With an opening day gross of $28,542,349, Lucasfilm and 20th Century Fox’s “Star Wars: Episode I — The Phantom Menace” shattered all previous one-day box office records Wednesday, including the $26.1 million earned by “The Lost World: Jurassic Park” on Sunday, May 25, 1997.
Put in perspective, “Menace” collected in a single weekday just $100,000 less than “Titanic” grossed in its entire first weekend. The highest previous Wednesday opening was $17.4 million for “Independence Day” on July 3, 1996.
Bowing on 2,970 theaters, “Menace” earned a stunning $9,610 per site — a number that would be considered great as a full weekend per screen average for most wide releases.
Below rivals’ predictions
While no one would deny the first day gross was spectacular, it actually fell below most rival distributors’ predictions, which had ranged from $30 million to $45 million based on attendance at post-midnight shows Tuesday night.
While everyone else on earth has been playing the how-high-can-it-go game for weeks, Lucasfilm president Gordon Radley said the filmmakers went into Wednesday with no particular figure in mind.
“We never really had expectations in terms of a number that was important,” Radley told Daily Variety. “It’s not about setting a record. ‘Star Wars’ is just about people having a great time at the movies with their friends and families. That’s what we hoped to accomplish.”
While the huge debut came as a surprise to no one in this galaxy, the question now, of course, is where the picture goes from here.
Historical precedent dictates that the gross should drop significantly Thursday, and then rebound today to near Wednesday’s levels.
Striking back Saturday
But the first real indicator of “Menace’s” long-term prospects will come Saturday, when grosses should actually be higher than Wednesday’s — which, of course, would mean a new one-day record.
In “Menace’s” favor is what might be called the kid factor. One prevalent criticism of the film has been that its eight-year-old central character and floppy-eared sidekick Jar Jar Binks target it squarely at the four-feet and under crowd.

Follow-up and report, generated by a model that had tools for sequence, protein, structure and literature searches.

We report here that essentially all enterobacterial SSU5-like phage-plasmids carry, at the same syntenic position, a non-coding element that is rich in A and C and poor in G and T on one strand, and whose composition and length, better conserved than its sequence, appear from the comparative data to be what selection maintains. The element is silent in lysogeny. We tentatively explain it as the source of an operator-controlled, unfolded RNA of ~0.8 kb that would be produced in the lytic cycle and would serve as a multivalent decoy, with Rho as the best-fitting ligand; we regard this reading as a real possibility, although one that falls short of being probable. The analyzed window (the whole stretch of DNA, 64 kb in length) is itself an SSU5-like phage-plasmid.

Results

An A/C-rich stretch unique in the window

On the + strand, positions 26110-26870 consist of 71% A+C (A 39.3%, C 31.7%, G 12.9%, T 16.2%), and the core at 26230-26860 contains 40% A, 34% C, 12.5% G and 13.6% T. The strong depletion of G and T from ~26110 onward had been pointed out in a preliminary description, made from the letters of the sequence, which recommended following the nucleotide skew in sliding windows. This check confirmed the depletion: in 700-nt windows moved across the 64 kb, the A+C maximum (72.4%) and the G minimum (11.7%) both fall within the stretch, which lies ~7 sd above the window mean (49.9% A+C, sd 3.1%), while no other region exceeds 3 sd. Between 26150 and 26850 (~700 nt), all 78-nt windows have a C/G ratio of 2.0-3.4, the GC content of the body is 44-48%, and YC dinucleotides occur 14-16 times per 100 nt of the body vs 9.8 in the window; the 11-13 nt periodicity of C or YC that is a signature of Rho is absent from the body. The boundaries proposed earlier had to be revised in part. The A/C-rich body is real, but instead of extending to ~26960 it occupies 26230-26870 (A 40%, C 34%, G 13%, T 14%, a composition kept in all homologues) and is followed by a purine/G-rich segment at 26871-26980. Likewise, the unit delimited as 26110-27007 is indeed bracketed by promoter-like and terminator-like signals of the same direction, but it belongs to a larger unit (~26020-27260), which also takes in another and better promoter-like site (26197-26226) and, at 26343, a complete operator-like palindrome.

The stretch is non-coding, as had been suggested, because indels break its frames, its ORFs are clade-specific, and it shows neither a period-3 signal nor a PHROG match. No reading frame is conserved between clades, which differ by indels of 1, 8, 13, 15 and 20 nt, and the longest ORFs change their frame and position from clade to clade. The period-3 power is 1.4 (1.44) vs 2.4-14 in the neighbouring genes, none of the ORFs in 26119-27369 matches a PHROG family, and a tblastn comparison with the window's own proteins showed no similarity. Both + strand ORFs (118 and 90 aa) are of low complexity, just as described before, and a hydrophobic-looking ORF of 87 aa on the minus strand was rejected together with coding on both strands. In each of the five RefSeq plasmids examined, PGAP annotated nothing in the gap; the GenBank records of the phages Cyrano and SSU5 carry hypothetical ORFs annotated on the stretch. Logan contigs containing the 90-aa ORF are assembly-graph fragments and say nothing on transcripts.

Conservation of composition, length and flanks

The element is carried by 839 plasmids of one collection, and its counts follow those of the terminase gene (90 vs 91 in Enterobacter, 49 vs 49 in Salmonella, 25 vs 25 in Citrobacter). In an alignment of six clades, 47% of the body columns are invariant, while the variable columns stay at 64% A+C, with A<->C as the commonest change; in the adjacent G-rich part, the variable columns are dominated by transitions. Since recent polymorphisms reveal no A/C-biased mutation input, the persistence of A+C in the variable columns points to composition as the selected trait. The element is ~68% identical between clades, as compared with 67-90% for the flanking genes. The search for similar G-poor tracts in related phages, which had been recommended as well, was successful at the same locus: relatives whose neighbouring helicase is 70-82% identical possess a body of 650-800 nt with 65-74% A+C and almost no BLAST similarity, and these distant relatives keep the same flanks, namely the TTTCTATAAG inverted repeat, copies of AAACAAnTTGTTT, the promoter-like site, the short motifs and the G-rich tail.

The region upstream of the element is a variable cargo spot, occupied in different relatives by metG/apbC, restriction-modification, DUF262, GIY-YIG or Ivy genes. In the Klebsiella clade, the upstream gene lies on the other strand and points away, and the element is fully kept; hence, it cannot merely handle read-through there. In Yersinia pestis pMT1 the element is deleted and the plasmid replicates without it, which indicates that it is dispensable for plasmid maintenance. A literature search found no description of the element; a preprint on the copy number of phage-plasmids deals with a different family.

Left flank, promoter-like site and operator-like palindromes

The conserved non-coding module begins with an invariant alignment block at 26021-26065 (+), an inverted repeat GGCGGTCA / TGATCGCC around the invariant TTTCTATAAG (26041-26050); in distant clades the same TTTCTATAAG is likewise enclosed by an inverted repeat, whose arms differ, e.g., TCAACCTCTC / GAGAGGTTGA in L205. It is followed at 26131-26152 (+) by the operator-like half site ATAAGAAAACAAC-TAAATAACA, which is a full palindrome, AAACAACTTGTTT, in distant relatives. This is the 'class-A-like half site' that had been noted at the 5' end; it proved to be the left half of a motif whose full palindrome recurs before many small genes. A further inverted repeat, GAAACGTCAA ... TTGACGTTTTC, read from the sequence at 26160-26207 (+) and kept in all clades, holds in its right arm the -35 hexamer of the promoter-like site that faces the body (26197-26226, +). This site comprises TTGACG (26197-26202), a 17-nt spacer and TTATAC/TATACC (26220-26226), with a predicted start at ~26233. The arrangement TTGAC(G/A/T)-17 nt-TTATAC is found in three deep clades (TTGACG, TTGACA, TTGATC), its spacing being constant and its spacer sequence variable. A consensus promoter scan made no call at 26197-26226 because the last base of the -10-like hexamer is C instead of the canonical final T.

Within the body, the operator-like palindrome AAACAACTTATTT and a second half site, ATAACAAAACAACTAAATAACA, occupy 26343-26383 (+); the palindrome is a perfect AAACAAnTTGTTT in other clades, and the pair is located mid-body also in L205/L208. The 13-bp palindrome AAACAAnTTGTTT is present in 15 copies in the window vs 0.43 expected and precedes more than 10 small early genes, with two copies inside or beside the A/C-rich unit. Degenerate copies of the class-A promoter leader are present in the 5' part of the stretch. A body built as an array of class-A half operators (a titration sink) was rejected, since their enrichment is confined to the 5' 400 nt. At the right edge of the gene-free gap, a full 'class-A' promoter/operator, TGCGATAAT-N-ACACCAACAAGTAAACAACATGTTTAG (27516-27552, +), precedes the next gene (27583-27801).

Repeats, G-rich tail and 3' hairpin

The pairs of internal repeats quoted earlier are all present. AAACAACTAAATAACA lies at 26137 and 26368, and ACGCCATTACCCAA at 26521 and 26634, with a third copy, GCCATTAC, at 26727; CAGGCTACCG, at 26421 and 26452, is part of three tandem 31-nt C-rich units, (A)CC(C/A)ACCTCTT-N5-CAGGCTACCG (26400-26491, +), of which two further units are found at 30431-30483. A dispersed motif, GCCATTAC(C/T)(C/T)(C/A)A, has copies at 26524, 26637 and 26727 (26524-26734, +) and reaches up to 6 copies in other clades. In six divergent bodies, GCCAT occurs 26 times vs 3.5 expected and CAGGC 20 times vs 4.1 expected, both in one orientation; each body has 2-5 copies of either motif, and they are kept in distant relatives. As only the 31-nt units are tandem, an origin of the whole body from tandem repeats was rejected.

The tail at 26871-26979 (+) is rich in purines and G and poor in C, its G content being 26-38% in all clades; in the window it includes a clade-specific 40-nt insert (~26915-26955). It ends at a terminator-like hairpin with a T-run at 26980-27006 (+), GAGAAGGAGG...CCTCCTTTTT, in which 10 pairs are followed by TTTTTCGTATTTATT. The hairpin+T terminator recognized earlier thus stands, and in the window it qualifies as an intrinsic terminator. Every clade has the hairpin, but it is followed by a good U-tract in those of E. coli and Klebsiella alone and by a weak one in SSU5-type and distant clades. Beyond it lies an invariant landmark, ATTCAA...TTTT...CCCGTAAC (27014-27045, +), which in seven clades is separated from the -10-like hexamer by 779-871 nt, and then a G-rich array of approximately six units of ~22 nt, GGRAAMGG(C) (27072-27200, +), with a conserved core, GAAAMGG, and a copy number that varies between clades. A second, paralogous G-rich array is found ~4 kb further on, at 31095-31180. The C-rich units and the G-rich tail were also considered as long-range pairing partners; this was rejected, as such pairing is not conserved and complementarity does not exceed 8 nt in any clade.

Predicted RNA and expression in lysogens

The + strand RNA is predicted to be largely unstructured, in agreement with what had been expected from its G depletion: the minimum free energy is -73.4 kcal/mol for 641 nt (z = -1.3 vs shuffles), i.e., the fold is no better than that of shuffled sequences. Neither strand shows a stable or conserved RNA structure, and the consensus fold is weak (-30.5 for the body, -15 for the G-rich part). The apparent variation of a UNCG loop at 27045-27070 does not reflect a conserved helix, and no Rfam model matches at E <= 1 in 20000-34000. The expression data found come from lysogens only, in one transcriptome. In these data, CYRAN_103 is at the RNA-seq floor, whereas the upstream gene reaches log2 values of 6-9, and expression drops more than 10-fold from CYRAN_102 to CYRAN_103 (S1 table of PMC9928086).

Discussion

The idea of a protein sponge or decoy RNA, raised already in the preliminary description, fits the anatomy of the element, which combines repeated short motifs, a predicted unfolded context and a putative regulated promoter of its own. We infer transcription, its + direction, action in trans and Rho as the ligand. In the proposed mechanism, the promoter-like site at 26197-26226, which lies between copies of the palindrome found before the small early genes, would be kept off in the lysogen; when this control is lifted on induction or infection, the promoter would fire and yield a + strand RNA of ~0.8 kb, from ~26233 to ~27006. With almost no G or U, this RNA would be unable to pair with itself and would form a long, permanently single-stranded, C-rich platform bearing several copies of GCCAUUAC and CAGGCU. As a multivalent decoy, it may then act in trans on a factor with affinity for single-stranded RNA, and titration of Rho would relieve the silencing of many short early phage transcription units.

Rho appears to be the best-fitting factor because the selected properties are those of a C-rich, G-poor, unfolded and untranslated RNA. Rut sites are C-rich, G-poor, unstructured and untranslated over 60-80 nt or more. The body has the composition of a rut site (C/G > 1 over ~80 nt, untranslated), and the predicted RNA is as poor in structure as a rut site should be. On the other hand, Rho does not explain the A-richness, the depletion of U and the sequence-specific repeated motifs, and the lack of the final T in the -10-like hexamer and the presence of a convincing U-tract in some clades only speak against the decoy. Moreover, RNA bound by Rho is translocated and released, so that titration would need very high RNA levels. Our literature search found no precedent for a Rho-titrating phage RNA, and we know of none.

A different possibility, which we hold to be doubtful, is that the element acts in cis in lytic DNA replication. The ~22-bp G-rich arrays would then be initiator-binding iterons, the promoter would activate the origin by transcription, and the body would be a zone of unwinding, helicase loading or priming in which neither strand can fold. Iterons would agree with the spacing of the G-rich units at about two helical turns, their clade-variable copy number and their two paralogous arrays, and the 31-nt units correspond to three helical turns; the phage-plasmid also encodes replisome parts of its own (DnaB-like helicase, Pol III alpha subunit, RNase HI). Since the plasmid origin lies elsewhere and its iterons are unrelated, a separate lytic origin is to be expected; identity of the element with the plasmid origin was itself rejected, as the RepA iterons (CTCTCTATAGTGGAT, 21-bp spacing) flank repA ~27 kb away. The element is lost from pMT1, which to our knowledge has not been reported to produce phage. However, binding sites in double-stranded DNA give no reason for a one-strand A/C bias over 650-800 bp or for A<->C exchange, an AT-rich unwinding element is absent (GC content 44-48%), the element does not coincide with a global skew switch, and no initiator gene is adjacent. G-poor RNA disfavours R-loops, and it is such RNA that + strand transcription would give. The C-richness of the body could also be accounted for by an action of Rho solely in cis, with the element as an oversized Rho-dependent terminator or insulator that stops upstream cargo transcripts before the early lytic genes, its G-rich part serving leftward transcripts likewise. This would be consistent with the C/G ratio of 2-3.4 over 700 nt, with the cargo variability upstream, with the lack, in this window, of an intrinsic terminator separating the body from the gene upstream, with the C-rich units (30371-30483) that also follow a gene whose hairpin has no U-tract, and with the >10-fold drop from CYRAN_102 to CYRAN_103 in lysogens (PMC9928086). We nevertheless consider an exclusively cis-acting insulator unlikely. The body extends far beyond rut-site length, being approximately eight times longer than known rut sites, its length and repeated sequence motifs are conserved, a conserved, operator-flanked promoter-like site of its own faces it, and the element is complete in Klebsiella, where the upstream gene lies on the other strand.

Since few tykes were staying up ’til midnight Tuesday — or playing hooky from grade school Wednesday — their increased availability over the weekend should give the picture a big lift.
Also, while “Menace” was sold out virtually throughout its opening day in major city complexes, small town theaters were relatively quiet, with some cinemas in the South reporting grosses as low as $500. Attendance in those sites should pick up markedly starting this evening.
$120 mil possible
Assuming the picture follows the typical grossing pattern — not that anything about this movie has been typical — a five-day weekend cume of $120 million is still possible.
That would put it light years ahead of the previous five-day weekend record of $95.8 million (excluding advance screenings), set by “The Lost World.”
“We’re not evaluating this movie in terms of box office financial results,” Radley said. “It will have its own life and destiny. What we’re interested in is hopefully people are enjoying the film.”
While Lucasfilm and Fox have been criticized in the press for “overhyping” the picture, “Menace” managed to generate its record-breaking attendance with remarkably little paid advertising. For instance, no ads ran in last Sunday’s New York Times, which is virtually unheard of for a film opening three days later.
“It wasn’t like you needed to do advertising to make people aware of this movie,” said Radley. Still, tie-in ads from Lucasfilm’s promotional partners, including Pepsi-Cola and Taco Bell, have been plentiful.
Radley added that most of the intense media coverage of the film was not orchestrated by Lucasfilm or Fox publicists.
“We weren’t out there trying to get a story every day of the week,” he said. “In a lot of ways the media ran with it because of their own needs. (They) created the hype, and then they’re sitting around passing judgment on it.”